(i) circumstances indicating that the respondent registered or acquired the disputed domain name primarily for the purpose of selling, renting, or otherwise transferring the disputed domain name registration to the complainant (the owner of the trademark or service mark) or to a competitor of that complainant, for valuable consideration in excess of documented out-of-pocket costs directly related to the disputed domain name;
(ii) circumstances indicating that the respondent registered the disputed domain name in order to prevent the owner of the trademark or service mark from reflecting the mark in a corresponding domain name, provided that the Respondent has engaged in a pattern of such conduct;
(iii) circumstances indicating that the respondent registered the disputed domain name primarily for the purpose of disrupting the business of a competitor; or
(iv) circumstances indicating that the respondent intentionally is using the disputed domain name in an attempt to attract, for commercial gain, Internet users to its website or other on-line location, by creating a likelihood of confusion with the complainant’s mark as to the source, sponsorship, affiliation, or endorsement of the respondent’s website or location or of a product or service on its website or location.
The examples of bad faith registration and use set forth in paragraph 4(b) of the Policy are not meant to be exhaustive of all circumstances from which such bad faith may be found. See Telstra Corporation Limited v. Nuclear Marshmallows, WIPO Case No. D2000-0003. The overriding objective of the Policy is to curb the abusive registration of domain names in circumstances where the registrant is seeking to profit from and exploit the trademark of another. See Match.com, LP v. Bill Zag and NWLAWS.ORG, WIPO Case No. D2004-0230.
In this case, the Panel holds that the Respondent registered the Disputed Domain Names in bad faith because the Trademark is distinctively identifying the Complainant and the Complainant’s services so that the choice of the Disputed Domain Names which use the distinctive elements of the Trademark cannot be explained otherwise than as a reference to the Trademark owned by the Complainant. The Respondent consequently cannot be followed when arguing that it was free to register the Disputed Domain Names because they would allegedly contain standard words. A finding of bad faith registration can indeed be admitted when it is established that the registrant chose the relevant disputed domain names while having the complainant’s trademark and services in mind at the time of registration, which is the case here. See World Natural Bodybuilding Federation, Inc. v. Daniel Jones TheDotCafe, WIPO Case No. D2008-0642.
The Panel agrees with the contention made by the Complainant that the Respondent must have had knowledge of the Complainant’s Trademark when it registered and started using the Disputed Domain Names, whereby the Panel notes that the Respondent did not object that it had knowledge of the Complainant’s and the Complainant’s Trademark at the time of registration of the Disputed Domain Names. As stated above, the explanation made by the Respondent relating to the use of the initials “bb” in the Disputed Domain Names as an alleged reference to the city of Boulogne-Billancourt are unconvincing and cannot prevent the conclusion of the Panel that the Respondent had the Trademark in mind when it registered the Disputed Domain Names. In the absence of any evidence provided by the Respondent legitimizing its use of the Disputed Domain Names and explaining in a convincing manner the choice of the Disputed Domain Names, the Panel cannot conclude otherwise than by stating that the registration and use of the Disputed Domain Names was made in bad faith. See Aventis Pharmaceuticals Products Inc. v. PBS Publishing LLC, WIPO Case No. D2003-0122.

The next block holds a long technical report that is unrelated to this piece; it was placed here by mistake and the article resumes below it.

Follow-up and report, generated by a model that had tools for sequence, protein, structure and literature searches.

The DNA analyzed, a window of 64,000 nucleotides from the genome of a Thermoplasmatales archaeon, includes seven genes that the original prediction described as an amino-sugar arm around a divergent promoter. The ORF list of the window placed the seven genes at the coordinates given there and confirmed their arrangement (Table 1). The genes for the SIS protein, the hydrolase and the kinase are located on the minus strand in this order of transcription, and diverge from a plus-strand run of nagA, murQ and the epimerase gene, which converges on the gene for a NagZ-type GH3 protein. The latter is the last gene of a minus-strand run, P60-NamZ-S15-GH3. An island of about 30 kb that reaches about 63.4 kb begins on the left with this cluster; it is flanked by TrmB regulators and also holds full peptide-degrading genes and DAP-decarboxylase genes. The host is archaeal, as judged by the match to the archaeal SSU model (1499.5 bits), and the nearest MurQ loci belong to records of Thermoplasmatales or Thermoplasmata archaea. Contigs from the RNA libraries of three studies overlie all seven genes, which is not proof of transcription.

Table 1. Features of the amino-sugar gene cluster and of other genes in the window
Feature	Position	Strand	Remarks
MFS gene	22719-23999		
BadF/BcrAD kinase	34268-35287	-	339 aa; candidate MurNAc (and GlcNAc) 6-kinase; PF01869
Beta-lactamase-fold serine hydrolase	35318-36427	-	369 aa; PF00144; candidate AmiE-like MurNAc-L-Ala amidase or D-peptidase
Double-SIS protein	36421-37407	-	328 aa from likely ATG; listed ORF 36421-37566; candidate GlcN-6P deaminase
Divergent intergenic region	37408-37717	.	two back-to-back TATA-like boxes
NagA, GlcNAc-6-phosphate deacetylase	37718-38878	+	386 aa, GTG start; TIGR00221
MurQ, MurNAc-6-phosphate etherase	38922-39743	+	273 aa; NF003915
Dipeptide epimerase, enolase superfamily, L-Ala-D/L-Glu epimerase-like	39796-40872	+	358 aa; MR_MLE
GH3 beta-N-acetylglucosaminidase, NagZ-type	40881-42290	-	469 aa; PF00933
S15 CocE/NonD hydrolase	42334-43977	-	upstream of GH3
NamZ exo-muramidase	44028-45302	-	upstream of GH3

The Panel further holds in view of the evidence brought in the proceedings that the Respondent registered the Disputed Domain Names primarily for the purpose of selling the Disputed Domain Names to the Complainant for valuable consideration in excess of the documented out-of-pocket costs directly related to the Disputed Domain Names, whereby the unconvincing explanations given by the Respondent about this cannot affect this finding (the unsubstantiated claim made by the Respondent that the consideration to be obtained for the sale of the Disputed Domain Names would be given to an unidentified third party institution is of no avail in these proceedings).
The Panel finally finds that the Respondent has engaged in a pattern of conduct of having registered various domain names in order to prevent the owners of the relevant trademarks from reflecting them in the corresponding domain names, whereby the Respondent has used various identities for this purpose. See Nestlé Waters France S.A. v. Anonymous Corp, Ken, WIPO Case No. D2011-0714, as well as CELIO France, SAS v. Monsieur Ken Hocini, WIPO Case No. D2010-0444 and Blédina v. Malek Hocini, WIPO Case No. D2010-1216.
On this basis, the Panel holds that the Respondent registered and uses the Disputed Domain Names in bad faith pursuant to paragraph 4(b) of the Policy.
For the foregoing reasons, in accordance with paragraphs 4(i) of the Policy and 15 of the Rules, the Panel orders that the Disputed Domain Names <hôtel-bb.com> and <hôtelbb.com> be transferred to the Complainant.
Jacques de Werra
Dated: December 28, 2011